ISLAMABAD - Prime Minister Shahid Khaqan Abbasi is likely to seek support from China during his upcoming visit to Beijing to sustain the depleting foreign exchange reserves of the country.

"Prime Minister will visit to China within this month where he may look for Chinese assistance that can be in shape of parking some amount in central bank of Pakistan," said an official of the Ministry of Finance.

He further said that government desperately needing $3 billion to finance the previous loans and current account deficit before June this year.

"The government can request the Chinese government either to provide some loan or to keep money into State Bank of Pakistan for some time in order to build Pakistan's foreign exchange reserves," he said.

Reserves held by State Bank of Pakistan (SBP) are sharply depleting from last one and half year and reached to $11.8 billion last week.

The official informed that government has another option of borrowing from the commercial banks.

Pakistan had already borrowed $1.78 billion from the commercial banks during eight months (July-February) of the current fiscal year.

The government had projected only $1 billion borrowing from the commercial banks during the entire ongoing financial year.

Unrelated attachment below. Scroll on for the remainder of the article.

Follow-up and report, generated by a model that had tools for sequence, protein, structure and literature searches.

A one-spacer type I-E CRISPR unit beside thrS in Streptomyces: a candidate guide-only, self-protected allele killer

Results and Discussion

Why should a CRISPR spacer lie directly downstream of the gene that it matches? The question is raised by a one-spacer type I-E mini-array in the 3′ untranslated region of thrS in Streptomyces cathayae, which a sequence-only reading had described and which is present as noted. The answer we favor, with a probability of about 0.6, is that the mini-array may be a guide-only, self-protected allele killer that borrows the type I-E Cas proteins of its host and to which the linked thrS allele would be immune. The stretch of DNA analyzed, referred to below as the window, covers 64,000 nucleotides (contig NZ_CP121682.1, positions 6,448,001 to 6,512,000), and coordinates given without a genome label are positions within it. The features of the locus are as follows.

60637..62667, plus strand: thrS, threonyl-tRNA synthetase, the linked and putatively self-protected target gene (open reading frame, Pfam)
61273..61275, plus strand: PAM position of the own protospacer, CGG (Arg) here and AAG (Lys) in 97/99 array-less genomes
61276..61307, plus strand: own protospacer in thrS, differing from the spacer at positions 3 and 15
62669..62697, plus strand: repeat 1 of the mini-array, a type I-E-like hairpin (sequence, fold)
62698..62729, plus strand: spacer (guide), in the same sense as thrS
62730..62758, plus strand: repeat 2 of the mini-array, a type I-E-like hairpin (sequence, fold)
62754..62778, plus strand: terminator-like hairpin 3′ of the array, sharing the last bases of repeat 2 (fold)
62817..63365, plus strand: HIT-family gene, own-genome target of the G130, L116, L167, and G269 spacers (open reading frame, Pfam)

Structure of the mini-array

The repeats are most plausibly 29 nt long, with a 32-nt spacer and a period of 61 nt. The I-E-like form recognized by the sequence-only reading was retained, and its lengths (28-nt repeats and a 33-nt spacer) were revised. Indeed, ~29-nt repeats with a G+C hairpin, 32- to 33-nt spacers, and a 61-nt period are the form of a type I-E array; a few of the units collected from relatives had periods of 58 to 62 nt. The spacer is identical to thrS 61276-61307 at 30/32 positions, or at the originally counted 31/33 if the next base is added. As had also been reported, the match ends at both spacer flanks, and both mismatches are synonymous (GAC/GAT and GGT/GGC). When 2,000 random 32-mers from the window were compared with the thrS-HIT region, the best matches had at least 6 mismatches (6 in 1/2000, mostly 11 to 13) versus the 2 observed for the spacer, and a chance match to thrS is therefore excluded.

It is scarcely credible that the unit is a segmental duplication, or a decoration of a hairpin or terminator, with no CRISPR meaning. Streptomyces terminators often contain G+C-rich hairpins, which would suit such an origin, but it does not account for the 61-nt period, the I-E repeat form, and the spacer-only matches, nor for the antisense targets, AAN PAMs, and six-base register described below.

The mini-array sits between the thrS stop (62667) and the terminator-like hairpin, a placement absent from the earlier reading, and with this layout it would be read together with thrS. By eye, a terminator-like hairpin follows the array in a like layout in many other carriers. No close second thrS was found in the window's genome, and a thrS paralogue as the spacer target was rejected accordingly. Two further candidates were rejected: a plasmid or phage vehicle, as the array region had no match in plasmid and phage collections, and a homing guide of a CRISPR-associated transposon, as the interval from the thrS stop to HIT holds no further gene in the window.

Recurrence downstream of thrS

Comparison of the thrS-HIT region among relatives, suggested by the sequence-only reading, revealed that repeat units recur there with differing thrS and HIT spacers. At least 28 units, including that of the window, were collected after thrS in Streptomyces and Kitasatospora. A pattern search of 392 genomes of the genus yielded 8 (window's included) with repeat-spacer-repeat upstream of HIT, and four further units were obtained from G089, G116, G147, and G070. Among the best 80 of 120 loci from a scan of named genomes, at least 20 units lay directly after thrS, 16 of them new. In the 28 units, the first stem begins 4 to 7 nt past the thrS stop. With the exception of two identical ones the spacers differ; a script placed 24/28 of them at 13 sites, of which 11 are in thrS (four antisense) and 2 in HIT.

However, the government had gone beyond the limit in just eight months to sustain its foreign exchange reserves.

China had already given a loan of $1.1 billion to Pakistan during eight months (July to February) of the current fiscal year.

China had pledged to give loan of $1.6 billion to Pakistan during ongoing financial year. However, Pakistan would seek additional assistance then the aforesaid budgeted amount.

Meanwhile, the government has also an option to tap international capital market before issuing Eurobond to raise at least one billion dollars.

Pakistan in November last year had successfully executed $1.0 billion five years Sukuk and $1.5 billion ten years Eurobond transactions at a profit rate of 5.625percent and 6.875 percent respectively.

The order book for Pakistan's sovereign papers was over $8 billion.

However, the government decided to pick up only $2.5 billion in order to ensure low final yields on the Sukuks and Eurobonds.

Pakistan's current account deficit is expected to widen to $15.7 billion (4.8 percent of GDP) this year.

The government would need loans to finance this deficit. Pakistan had already borrowed $7.6 billion during eight months (July to February) of the ongoing financial year increasing the overall external debt of the country.

For the current fiscal year, the government had estimated to receive $8.094 billion in foreign loans, including $7.692 billion loans and $401.78 million grants.

However, the government borrowed 94 percent only in eight months, which indicate that government would break the previous year's record of borrowing around $10 billion in a single year.

The IMF has projected that Pakistan's external debt would increase to $103.9 billion by June 2019 from estimated level of $93.3 billion of June 2018.

Similarly, the IMF in its report stated that external financing needs are expected to rise from $21.5 billion (7.1 percent of GDP) in FY 2016/17 to around $45billion by FY 2022/23 (9.9 percent of GDP).